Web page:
There is currently no cure for polycythemia vera (PV), but researchers are looking at new treatments that may help better manage and control the progression of the condition.

Polycythemia vera (PV) is a rare chronic blood condition that can cause thrombosis (blood clots), itchy skin, and several other symptoms.

Although there is currently no cure, various treatments can help manage the condition and improve life expectancy.

Read on for more information about some of the newer treatments being studied and implemented.

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PV is a slow developing chronic illness that affects the bone marrow and blood. The condition causes the body to create too many red blood cells and can also cause it to create too many white blood cells and platelets.

At first, PV may not cause symptoms. In many cases, a routine blood test finds evidence of PV before any symptoms present.

Treatment options typically focus on a few different areas of the condition. The primary goal of treatment is to help prevent thrombosis (blood clots) from occurring. Blood clots can lead to conditions such as heart attack or stroke if they travel to the heart or brain.

The secondary goal of treatment is to help improve quality of life. Doctors may prescribe medications or make recommendations to help prevent itchiness or depression symptoms.

Some current research is looking more closely into the use of JAK2 inhibitors to treat PV. Treatments focusing on the JAK2 gene may help with improving symptoms of the disease.

When treating PV, a healthcare professional’s primary goal is to prevent the formation of blood clots, which can lead to deadly complications such as heart attack or stroke.

Therapies are also used to:

  • reduce hematocrit concentration, or the percentage of red blood cells in the blood, to normal or close-to-normal levels
  • decrease other PV-related symptoms
  • lower platelet counts, if their concentrations are high

The Leukemia & Lymphoma Society states that treatments are split into one of two categories: low risk patients and high risk patients.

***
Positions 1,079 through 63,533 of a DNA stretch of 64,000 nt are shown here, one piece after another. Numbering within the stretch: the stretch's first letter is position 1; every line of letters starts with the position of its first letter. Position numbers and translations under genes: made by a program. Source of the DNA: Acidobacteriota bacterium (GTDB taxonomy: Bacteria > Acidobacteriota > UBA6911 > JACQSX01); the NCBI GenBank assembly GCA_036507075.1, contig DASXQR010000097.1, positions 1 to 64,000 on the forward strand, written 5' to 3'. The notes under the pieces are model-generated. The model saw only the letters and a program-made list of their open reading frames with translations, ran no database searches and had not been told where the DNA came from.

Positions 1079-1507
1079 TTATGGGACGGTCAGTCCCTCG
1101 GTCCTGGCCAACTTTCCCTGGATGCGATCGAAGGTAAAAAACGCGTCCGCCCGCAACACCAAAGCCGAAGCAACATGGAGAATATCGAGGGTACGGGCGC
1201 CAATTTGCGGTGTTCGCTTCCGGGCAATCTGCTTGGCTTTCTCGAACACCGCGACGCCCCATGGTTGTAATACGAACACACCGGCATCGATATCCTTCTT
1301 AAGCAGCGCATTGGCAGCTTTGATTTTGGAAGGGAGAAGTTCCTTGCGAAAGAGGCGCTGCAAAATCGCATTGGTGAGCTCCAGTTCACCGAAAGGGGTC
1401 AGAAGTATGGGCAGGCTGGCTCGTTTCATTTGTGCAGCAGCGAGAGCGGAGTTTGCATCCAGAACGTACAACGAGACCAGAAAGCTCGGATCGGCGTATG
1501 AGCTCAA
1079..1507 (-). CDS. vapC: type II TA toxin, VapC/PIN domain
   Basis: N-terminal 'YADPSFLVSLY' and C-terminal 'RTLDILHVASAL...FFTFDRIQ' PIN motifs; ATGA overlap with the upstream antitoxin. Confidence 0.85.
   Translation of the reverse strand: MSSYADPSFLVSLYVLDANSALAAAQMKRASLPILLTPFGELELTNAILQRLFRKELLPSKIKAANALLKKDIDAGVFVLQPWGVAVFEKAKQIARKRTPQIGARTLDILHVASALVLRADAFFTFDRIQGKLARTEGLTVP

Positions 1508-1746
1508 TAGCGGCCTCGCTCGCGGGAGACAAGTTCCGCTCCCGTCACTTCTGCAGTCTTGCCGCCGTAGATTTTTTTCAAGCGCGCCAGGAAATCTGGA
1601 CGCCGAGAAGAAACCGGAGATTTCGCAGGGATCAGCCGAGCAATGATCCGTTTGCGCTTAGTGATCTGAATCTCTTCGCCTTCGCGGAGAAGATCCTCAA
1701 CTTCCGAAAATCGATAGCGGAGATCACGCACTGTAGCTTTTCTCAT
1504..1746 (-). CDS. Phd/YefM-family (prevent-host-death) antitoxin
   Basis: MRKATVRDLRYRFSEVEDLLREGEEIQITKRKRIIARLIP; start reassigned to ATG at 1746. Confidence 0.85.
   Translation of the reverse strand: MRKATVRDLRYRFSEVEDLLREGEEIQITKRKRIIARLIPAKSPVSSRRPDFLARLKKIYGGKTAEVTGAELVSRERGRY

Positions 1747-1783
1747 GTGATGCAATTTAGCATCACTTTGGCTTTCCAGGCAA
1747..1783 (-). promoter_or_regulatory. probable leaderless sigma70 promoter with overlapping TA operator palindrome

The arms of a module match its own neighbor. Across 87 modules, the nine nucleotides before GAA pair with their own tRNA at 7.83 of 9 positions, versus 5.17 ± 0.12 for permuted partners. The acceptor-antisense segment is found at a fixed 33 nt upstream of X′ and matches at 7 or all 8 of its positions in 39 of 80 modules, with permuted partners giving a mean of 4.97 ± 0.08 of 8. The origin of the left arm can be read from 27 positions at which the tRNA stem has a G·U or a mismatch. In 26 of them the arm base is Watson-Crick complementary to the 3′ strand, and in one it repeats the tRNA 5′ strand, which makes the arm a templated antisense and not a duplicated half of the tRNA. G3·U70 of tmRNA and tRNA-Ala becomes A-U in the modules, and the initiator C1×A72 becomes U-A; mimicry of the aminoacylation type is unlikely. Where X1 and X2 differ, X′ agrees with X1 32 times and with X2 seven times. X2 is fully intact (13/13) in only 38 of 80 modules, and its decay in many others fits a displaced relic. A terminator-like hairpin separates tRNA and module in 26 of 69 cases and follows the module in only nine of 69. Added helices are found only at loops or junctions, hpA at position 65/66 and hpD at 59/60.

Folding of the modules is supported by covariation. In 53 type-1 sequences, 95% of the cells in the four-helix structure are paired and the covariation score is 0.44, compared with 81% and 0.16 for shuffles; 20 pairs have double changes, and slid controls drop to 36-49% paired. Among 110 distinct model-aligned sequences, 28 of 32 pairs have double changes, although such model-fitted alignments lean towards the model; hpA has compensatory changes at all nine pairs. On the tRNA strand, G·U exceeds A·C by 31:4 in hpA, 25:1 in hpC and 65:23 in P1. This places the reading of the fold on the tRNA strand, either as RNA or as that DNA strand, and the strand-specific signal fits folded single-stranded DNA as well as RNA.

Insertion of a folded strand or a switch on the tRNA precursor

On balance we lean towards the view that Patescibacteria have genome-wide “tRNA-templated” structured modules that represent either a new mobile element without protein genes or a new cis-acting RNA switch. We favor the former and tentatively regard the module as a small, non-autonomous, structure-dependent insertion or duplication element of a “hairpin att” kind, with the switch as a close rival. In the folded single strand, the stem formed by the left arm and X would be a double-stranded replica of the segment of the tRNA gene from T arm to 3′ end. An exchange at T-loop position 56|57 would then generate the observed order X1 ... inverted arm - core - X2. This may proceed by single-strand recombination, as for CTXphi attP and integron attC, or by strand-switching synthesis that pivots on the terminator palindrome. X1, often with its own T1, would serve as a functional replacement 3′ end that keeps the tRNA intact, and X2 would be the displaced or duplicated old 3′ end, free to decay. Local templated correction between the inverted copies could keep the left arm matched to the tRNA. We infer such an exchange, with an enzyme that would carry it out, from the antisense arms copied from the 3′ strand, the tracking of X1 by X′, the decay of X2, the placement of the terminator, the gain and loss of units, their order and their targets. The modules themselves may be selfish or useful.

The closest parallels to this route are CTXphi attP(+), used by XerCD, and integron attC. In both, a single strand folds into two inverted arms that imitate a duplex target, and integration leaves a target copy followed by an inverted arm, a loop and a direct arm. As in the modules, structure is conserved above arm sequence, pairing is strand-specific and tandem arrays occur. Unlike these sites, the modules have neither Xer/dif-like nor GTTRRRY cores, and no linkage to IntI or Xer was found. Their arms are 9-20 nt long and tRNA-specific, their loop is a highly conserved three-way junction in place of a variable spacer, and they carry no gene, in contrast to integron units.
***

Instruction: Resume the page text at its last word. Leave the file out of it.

Low risk patients are people younger than 60 years of age with no history of blood clots, while high risk patients are people who are 60 years or over or who have a history of blood clots.

Standard treatments

Treatment options for both high and low risk patients include phlebotomy and aspirin. Phlebotomy is the regular drawing of blood to reduce the amount of blood cells in the body. Low dose aspirin can help reduce the risk of blood clots.

Specific medications

Doctors will likely prescribe one or more medications to help reduce the number of blood cells in the bodies of high risk patients.

Some common medications used for this include:

  • busulfan (Myleran)
  • hydroxyurea (Hydrea)
  • interferon alfa (Intron A)
  • ruxolitinib (Jakafi)

Additional therapies

Doctors may also work with people to help reduce symptoms of itching.

No single treatment works for every person, but some treatments for itchiness that may help include:

  • applying topical or oral antihistamines
  • taking less frequent baths or showers
  • using cool water in the shower or bath
  • using gentle soaps or other skin products
  • avoiding heated whirlpools, hot showers or baths, and hot tubs
  • trying light therapy
  • not scratching the skin
  • using moisturizers
  • taking medications such as pregabalin and gabapentin

Researchers are exploring new treatment options. Recent clinical trials have looked at therapies such as:

  • Rusfertide: Rusfertide is a hepcidin mimetic that doctors can administer by injection. A current study is evaluating rusfertide in maintaining hematocrit control and improving symptoms.
  • Selective serotonin reuptake inhibitors: These are typically used for depression, but they may also help reduce itchiness.
  • JAK2 inhibitors: These help block a mutated JAK2 gene from producing too many blood cells. Ruxolitinib is a JAK2 inhibitor showing some promise in the treatment of PV.
  • Givinostat: This is a histone deacetylase medication that helps prevent abnormal cell growth. It may be a second line of treatment for people whose bodies do not tolerate first line treatments well.
  • Pegylated interferon alfa-2a (Pegasys): This is a JAK2 inhibitor targeting the JAK2 gene. It may benefit people with PV.
  • Idasanutlin: This is an MDM2 inhibitor that blocks certain protein interactions. However, it may not be suitable for long term use.

Anyone interested in participating in a clinical trial can visit for a list of PV-related studies.

A person should talk with their doctor about participating in a clinical trial. They may be able to advise the person on where to find a study near them and help determine whether they would be a good candidate.

There is currently no cure for PV. However, treatments can help improve quality of life.

The average life expectancy for PV without treatment is around 18 months. With effective treatment, the average life expectancy is 14 years overall, and 24 years if a person is under the age of 60 years.

Ongoing medical treatment is important to improving both symptoms and life expectancy. A person should not stop taking medications designed to help reduce blood clots without talking about it with their doctor first.

Polycythemia vera (PV) treatments currently focus on helping prevent thrombosis (blood clots) and negative complications from them, such as heart attack and stroke.

Future treatments may help with improving quality of life and increasing life expectancy even further.

A person who is interested in taking part in a clinical study should contact a doctor to find out about current studies taking place.